Hank Chalmers of Eagle Encounters bird of prey rehabilitation centre is devoted to keeping these majestic birds flying free. By Marion Whitehead
Why did you choose to work with raptors?
I followed my heart – I learnt falconry from my dad when I was young and my heart belongs to these animals. Working with them is a way of doing what I love.
Does the relationship between raptors and humans have a long history?
It goes back thousands of years to early Egyptian times – mummified birds have been found with their owners, who took them along into the afterlife!
In medieval times, falconry was the sport of kings, and non-royals – with a few exceptions – were not allowed to practise it. (For example, the cook could fly a goshawk to catch rabbits and pheasants for the king’s table.)
What’s in it for the bird?
It’s very beneficial for the bird. In the wild, their mortality rate is 95% [only 5% make it to adulthood] and they use a lot of energy to hunt, often unsuccess-fully. Falconers take the raptor out and use a dog to flush prey so there is an opportunity for a kill on every flight.
Isn’t it stressful for the birds at Eagle Encounters to perform for visitors?
No, these are human-imprinted birds, brought to us by CapeNature, that can’t be returned to the wild. They’re flying for their meals and for exercise; we just make more of a performance out of it. If a bird is stressed or it isn’t hungry, it won’t fly. All training is done using positive reinforcement and, obviously, you have to know what you’re doing.
What is the most common kind of rescue you are asked to help with?
Car accidents: 80% of the birds coming in here (mostly spotted eagle owls and barn owls) have been hit by vehicles. When they see a rat, they just swoop, regardless of traffic.
How do you go about rehabilitating these birds?
Every case depends on the injury and you’ve got to decide with your head, not your heart. It’s always a difficult decision; we have put together criteria with CapeNature, the SPCA and the Percy Fitzpatrick Institute of African Ornithology to assist us.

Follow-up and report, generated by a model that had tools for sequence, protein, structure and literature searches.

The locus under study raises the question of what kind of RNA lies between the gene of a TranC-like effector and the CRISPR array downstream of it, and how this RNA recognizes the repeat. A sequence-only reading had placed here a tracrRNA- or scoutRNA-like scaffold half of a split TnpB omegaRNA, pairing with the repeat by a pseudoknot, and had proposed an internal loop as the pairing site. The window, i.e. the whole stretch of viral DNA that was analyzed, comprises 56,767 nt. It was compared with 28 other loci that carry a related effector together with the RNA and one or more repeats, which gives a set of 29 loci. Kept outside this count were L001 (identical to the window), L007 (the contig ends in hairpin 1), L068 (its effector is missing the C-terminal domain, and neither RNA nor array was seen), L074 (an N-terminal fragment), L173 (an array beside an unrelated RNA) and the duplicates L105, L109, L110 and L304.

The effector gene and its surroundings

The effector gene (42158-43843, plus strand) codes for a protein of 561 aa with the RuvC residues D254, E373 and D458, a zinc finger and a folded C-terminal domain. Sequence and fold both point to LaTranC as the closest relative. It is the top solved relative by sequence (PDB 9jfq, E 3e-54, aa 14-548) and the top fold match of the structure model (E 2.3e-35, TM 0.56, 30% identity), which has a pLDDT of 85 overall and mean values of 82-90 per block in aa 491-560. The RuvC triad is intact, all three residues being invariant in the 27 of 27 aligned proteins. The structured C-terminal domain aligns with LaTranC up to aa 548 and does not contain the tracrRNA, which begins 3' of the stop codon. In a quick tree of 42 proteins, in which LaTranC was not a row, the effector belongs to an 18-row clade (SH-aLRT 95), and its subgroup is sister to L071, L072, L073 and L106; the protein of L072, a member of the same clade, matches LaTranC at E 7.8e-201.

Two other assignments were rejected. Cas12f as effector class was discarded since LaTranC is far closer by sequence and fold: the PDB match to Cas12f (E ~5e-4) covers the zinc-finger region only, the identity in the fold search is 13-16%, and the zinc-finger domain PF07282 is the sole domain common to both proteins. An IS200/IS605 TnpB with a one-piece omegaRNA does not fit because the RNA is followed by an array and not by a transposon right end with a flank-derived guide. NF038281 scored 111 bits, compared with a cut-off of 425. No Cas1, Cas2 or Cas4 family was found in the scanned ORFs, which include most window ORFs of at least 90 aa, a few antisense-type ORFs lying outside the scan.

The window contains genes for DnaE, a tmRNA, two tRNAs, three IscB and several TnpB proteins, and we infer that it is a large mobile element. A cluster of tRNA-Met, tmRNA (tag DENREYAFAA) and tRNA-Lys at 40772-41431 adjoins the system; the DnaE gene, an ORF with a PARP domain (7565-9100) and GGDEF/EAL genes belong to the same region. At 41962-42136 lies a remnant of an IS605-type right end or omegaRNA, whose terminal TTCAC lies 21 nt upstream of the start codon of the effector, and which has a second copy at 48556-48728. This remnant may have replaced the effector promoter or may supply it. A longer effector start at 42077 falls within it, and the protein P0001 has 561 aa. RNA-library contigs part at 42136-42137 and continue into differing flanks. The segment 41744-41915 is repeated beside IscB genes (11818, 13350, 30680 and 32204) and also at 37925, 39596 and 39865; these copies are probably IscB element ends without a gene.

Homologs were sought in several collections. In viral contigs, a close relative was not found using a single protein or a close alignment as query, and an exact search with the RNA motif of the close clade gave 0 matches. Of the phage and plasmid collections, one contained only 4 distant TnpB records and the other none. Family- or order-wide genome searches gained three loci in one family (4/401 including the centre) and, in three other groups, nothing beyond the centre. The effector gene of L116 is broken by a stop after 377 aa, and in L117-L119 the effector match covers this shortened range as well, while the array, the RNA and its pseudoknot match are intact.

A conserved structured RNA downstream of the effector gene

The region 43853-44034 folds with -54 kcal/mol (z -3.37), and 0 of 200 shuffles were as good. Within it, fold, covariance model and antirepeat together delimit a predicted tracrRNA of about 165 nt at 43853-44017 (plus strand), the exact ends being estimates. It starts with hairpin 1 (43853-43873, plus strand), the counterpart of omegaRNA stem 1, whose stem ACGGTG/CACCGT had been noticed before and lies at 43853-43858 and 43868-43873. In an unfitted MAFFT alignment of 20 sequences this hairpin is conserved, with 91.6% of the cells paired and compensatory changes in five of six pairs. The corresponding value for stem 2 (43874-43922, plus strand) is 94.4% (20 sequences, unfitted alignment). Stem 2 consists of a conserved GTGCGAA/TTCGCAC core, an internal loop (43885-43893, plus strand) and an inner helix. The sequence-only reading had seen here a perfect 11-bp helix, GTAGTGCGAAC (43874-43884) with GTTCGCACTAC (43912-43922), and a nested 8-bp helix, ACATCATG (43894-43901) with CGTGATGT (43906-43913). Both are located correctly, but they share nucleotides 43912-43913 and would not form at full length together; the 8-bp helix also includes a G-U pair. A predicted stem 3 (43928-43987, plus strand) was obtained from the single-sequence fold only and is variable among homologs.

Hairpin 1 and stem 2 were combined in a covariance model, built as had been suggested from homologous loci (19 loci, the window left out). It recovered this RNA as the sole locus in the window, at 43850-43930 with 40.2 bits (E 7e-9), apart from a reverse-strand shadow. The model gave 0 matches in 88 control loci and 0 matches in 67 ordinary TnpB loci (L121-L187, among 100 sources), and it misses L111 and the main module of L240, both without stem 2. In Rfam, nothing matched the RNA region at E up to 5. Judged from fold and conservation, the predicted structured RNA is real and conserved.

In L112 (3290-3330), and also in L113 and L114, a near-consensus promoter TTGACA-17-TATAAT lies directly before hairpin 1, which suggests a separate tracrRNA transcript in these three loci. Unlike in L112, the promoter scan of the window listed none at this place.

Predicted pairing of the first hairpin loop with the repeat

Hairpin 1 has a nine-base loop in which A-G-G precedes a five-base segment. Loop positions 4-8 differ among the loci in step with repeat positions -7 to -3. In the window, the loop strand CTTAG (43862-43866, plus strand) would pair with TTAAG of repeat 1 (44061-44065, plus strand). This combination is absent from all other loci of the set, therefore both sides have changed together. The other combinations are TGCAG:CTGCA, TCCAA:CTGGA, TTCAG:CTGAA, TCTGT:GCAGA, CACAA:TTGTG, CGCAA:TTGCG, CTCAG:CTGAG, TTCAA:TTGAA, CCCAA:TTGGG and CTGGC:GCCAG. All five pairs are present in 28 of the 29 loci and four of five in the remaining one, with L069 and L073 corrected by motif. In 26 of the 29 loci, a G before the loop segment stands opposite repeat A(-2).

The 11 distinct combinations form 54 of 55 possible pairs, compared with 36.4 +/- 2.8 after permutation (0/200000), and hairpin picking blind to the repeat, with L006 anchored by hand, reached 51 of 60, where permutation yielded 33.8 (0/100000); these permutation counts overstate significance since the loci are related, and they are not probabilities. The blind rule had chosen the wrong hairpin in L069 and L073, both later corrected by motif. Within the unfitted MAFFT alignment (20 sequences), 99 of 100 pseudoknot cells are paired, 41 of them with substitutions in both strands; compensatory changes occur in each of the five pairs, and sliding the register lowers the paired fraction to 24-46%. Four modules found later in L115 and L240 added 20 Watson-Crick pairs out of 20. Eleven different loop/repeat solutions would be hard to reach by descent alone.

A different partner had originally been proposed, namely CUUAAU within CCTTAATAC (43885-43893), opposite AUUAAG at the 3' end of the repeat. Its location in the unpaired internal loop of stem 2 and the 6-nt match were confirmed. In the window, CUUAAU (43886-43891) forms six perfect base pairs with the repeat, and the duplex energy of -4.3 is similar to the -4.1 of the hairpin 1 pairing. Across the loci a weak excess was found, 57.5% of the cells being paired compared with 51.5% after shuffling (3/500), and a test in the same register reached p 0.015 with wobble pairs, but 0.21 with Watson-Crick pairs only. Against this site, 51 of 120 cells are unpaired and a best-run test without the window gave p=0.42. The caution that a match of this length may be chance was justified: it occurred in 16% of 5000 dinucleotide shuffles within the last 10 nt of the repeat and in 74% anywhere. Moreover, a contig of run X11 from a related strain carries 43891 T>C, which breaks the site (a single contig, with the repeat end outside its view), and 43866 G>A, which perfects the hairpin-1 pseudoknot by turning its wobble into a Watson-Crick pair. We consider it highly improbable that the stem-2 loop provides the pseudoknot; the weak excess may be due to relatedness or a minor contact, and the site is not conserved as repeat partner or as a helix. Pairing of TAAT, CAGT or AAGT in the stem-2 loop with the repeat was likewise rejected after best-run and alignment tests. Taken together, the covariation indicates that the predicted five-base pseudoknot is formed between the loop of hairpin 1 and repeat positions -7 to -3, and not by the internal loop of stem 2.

Joint injuries are always hopeless and you have to euthanise the bird. Feathers I can fix; and mid-bone breaks can be strapped for the three weeks they take to heal, then we build up the bird until it can fly again.
Rehabilitating one bird can take anything from five to 800 man-hours, but it’s very rewarding work. I love figuring out the birds’ personalities.
Where does your funding come from?
We’re funded by ecotourism and, to a lesser extent, educational programmes for school groups. We do not get any government subsidy.
What are the biggest threats to raptors today?
The main killer for these birds is habitat loss. As we humans occupy more space, we take away their food sources. Other dangers are collisions with vehicles, fences (they get caught in barbed wire), secondary poisoning (rather use rat traps) and kids with air rifles.
What should people do if they find an injured bird?
Throw a towel or jacket over it and put it in a dark cardboard box to keep it calm. Then bring it to us or your nearest vet or animal-welfare group.
‘Raptor’ is the term for those birds of prey that use keen eyesight, strong talons and sharp beaks to hunt their dinner. This group includes falcons, eagles, hawks and owls.
Eagle Encounters, at Spier Estate on the R310 outside Stellenbosch, holds daily falconry flying displays and interactions with raptors. Co-founder Hank Chalmers also offers mentorship for anyone interested in taking up the ancient art of falconry.
(This article was first published in the spring 2014 issue of AA traveller magazine)